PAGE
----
International aid

Why Australia should cut Indonesia’s aid

After the execution of convicted Australian drug traffickers, Andrew Chan and Myruan Sukumuran in April of this year, tensions between Australia and Indonesia have been high. To express ‘it’s displeasure’, as according to foreign minister Julie Bishop, Australia temporarily withdrew its ambassador from Indonesia. Despite the 2 men being rehabilitated, as well as Australia’s enormous contributions to Indonesia in its times of need, as well as the fact that arguably the executions were in contradiction with international law, Indonesia proceeded with the execution, in part to portray its strength towards its Southern neighbour. 

Despite cuts, Australia still provides Indonesia with 366 million dollars in humanitarian aid a year. While I am not opposed to the concept of aid, and assisting those who are poor and needy, I do not believe, that Australia should be handing out enormous sums of money toward countries, that display contempt for our values and way of life.

During the saga leading up to the executions, prime minister Tony Abbott invoked the example of the Boxing Day tsunami, in effect stating that given Australia’s monetary and human resources contribution towards Indonesia at the time, it should respond in good will, and not execute the Australian citizens Chan and Sukumaran. Indonesian people reacted angrily, leaving coins at the Australian embassy, and demanding that the Australian prime minister apologized.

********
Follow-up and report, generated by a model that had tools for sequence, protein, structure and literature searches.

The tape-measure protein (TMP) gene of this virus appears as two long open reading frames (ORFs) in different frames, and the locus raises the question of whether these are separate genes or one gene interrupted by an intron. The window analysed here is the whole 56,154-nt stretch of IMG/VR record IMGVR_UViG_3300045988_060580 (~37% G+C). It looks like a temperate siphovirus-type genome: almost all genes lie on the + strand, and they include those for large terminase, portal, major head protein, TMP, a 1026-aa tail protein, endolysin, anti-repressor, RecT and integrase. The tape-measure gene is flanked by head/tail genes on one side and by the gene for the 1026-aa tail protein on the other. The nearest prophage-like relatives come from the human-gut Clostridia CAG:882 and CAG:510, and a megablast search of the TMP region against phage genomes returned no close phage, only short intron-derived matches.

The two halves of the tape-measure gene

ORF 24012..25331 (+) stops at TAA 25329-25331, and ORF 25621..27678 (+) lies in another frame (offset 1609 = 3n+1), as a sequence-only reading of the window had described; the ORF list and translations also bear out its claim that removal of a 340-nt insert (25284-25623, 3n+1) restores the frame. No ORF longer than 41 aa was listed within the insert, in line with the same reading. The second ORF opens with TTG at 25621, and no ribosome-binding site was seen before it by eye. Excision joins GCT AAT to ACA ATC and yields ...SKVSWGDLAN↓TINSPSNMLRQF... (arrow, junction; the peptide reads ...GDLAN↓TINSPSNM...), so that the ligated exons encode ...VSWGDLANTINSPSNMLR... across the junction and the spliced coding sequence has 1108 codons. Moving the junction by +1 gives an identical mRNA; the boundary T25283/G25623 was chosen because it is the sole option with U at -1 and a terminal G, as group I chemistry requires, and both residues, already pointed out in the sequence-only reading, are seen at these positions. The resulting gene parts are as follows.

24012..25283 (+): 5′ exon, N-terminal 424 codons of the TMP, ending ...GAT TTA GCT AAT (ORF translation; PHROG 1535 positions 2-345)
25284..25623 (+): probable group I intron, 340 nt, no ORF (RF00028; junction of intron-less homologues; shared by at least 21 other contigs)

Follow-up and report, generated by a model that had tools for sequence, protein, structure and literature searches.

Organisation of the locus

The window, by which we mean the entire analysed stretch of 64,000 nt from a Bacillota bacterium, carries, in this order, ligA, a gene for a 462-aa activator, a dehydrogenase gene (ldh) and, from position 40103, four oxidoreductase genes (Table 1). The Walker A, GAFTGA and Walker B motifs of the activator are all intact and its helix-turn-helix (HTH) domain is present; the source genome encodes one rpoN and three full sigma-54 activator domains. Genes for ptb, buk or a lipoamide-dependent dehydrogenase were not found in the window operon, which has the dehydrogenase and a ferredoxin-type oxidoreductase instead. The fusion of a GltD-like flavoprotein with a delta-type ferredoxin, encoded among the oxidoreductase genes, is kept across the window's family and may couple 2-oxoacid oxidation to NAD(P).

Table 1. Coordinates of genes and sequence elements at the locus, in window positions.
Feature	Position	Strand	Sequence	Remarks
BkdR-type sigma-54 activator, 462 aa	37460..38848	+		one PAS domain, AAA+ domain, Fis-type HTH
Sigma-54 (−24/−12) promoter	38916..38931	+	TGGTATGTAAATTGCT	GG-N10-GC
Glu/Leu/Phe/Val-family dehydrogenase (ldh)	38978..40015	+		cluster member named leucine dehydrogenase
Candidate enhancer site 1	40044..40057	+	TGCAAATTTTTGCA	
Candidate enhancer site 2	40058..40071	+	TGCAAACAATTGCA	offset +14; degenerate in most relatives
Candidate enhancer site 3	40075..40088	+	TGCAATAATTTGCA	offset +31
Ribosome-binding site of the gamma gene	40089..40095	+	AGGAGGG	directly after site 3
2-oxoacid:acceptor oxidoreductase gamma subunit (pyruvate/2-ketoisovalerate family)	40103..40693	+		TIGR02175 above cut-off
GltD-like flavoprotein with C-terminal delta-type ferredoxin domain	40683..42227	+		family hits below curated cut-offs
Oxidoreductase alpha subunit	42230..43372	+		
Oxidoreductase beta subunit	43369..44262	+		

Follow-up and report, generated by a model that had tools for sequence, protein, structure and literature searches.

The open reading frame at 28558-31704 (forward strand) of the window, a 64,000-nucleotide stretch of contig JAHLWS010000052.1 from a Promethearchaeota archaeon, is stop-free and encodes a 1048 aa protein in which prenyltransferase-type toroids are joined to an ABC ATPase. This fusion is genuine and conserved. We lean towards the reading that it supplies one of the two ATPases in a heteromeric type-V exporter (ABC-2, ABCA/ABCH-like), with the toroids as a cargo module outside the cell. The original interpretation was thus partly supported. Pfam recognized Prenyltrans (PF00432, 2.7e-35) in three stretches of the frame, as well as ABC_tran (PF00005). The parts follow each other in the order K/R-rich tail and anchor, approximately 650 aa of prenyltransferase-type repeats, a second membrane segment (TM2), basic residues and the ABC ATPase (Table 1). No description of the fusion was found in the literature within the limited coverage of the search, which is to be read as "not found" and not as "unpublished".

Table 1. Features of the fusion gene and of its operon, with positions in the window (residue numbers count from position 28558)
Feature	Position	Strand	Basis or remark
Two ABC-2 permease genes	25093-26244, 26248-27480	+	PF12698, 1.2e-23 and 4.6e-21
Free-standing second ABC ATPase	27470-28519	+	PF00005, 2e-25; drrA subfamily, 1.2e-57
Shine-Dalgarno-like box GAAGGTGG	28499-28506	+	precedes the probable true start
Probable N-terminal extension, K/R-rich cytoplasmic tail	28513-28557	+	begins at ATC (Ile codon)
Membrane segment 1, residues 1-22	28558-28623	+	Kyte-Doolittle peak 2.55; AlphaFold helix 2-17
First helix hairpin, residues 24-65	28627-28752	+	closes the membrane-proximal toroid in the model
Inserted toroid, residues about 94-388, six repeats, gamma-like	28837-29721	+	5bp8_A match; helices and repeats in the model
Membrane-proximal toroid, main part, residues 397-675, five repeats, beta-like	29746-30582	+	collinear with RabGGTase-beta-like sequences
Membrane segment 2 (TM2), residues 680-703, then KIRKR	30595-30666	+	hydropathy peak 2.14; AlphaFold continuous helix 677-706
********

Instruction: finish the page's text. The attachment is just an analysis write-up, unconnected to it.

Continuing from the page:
Clearly, anti-Australianism is high in Indonesia, despite its neighbour’s contribution in aid, and tourism, that greatly benefits the Indonesian economy. 

Aside from this marked hostility, it is clear, that Indonesia’s shares contrasting values to Australia on human rights. Indonesia has a poor record in regards to Christians, and has been well known for being a safe haven for people smugglers, who take advantage of desperate and disadvantaged people and illegally pile them onto rickety and unsafe boats. Promises of a better life often send these vulnerable people to their death, under the watch of the people smugglers.

Why is it, that a country that holds such animosity towards Australia, is ungrateful for our past efforts in providing aid, refuses to take action over its poor human rights record, and has freely allowed people smugglers to send aspirational Australian refugees to their death, still receives a charity service, financed directly by the Australian tax payer?

366 million dollars is a great deal of money, which could be otherwise spent in Australia on drug rehabilitation clinics, support for victims of domestic violence, or on any reputable Australian charity. In my view, there are hundreds, if not thousands of better ways to spend this money, than to allow it into the hands of the Indonesians.

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